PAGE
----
When we met in person, I projected the blog in the classroom and would read out the passages one by one. In class, I would ask the student who sent it in why they were interested in it, they would respond, and then we opened it up to general discussion. I would myself occasionally add Cicero passages from the readings which I felt were really important, but I did this less and less as the class continued. This was technically a class in translation, but we regularly looked at the Latin and took the time to consider different translator’s choices. (My general outlook was: those who had Latin should use it; those who didn’t could still take the class and find it fruitful.) Over time, the students were individually developing their specific interests, and we also, as a class, had a set of questions that we would regularly return to. I would also always include an image of a Cicero manuscript – as a constant reminder of how Cicero’s texts are remediated. Take for example the week in which we read the Tusculan Disputations (I included TD 1.3, but the rest were student selected):

tusculan disputations gif.gif

For their final projects, the students were to develop a research question, based on their own interests, and to use a digital tool to explore it. They knew from the beginning that this was where they had to end up; in week 9, they had to submit a written prospectus of their intended research (which helped them commit to their topic, and begin early prep work).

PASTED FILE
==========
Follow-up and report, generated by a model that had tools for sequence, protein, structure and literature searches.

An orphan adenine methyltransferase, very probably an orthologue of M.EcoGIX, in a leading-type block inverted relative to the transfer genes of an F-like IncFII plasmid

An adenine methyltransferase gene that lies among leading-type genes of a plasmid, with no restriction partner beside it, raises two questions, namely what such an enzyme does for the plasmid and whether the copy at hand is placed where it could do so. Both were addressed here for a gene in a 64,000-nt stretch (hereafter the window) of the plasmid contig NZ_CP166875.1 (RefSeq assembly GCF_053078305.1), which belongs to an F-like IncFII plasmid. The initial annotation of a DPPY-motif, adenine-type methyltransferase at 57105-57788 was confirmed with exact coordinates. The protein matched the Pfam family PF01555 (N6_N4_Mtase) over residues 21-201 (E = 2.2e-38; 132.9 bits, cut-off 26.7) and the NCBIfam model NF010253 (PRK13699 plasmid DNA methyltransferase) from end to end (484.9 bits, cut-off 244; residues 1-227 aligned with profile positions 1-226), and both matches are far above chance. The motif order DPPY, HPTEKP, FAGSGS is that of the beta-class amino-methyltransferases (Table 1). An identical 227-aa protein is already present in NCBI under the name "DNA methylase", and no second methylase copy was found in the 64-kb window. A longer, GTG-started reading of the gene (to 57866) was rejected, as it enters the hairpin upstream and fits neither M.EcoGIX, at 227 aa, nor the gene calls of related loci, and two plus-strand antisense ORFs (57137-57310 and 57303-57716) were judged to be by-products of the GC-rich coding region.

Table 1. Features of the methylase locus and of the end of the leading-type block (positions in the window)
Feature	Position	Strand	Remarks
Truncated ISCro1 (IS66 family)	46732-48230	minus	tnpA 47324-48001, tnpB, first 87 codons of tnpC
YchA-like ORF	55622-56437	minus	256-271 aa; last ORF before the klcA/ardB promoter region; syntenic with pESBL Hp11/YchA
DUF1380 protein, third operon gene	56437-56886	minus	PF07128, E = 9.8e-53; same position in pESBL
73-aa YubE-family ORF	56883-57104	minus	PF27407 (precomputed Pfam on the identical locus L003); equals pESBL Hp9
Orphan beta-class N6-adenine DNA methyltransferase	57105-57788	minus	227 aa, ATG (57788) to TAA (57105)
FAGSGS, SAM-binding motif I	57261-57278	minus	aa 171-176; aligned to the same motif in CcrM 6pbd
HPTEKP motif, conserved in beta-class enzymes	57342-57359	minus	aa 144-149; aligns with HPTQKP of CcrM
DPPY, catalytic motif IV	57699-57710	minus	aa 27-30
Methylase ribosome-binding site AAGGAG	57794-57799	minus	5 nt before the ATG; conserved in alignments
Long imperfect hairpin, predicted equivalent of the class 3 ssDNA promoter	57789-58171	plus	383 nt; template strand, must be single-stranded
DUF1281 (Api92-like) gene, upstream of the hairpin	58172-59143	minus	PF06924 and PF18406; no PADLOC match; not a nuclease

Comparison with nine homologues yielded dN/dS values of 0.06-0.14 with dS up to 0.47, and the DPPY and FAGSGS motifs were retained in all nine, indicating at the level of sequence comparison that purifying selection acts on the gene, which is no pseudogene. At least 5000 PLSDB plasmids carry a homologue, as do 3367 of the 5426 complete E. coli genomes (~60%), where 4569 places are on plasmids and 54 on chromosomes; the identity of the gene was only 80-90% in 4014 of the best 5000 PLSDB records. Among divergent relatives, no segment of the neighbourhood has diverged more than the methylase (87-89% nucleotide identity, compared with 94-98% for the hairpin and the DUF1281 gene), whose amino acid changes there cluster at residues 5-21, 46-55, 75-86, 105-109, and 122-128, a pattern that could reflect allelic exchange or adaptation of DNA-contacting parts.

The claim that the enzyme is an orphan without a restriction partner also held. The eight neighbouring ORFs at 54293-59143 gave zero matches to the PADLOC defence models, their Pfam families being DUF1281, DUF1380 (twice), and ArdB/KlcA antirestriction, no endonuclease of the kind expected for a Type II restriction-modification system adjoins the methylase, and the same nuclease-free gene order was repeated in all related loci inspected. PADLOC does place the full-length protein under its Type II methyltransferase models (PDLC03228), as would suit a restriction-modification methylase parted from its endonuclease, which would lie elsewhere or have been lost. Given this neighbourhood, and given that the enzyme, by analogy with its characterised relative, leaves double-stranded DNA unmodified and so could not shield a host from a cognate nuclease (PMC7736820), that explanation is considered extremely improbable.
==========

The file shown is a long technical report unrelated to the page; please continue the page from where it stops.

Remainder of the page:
In the first week we discussed some of the options: mapping, textual annotation, data visualization. I understood going into this class that some students might be intimidated by digital approaches, so I included the option of doing something visual and remediating that would not necessarily be “data” heavy. And none of the tools which I suggested required the students to have any knowledge of coding (I don’t know how to code).

Not all data visualization has to be done digitally (or even visually). With that in mind, in the first week we discussed the work of the British data journalist, Mona Chalabi (@MonaChalabi) who draws her data visualizations by hand. Chalabi’s visualizations aim at immediate “reader” comprehension, and usually include part of the object of study as part of the image. I had it in mind that this class would help students theorize continuity and discontinuity with ancient and modern cultural practices and knowledge production (a discussion that digital humanities helps very much to facilitate), so I was attracted to Chalabi’s outlook on data that emphasized the humanness of data-gathering and its presentation. An excerpt from an interview with Chalabi in It’s Nice That (March 8, 2018)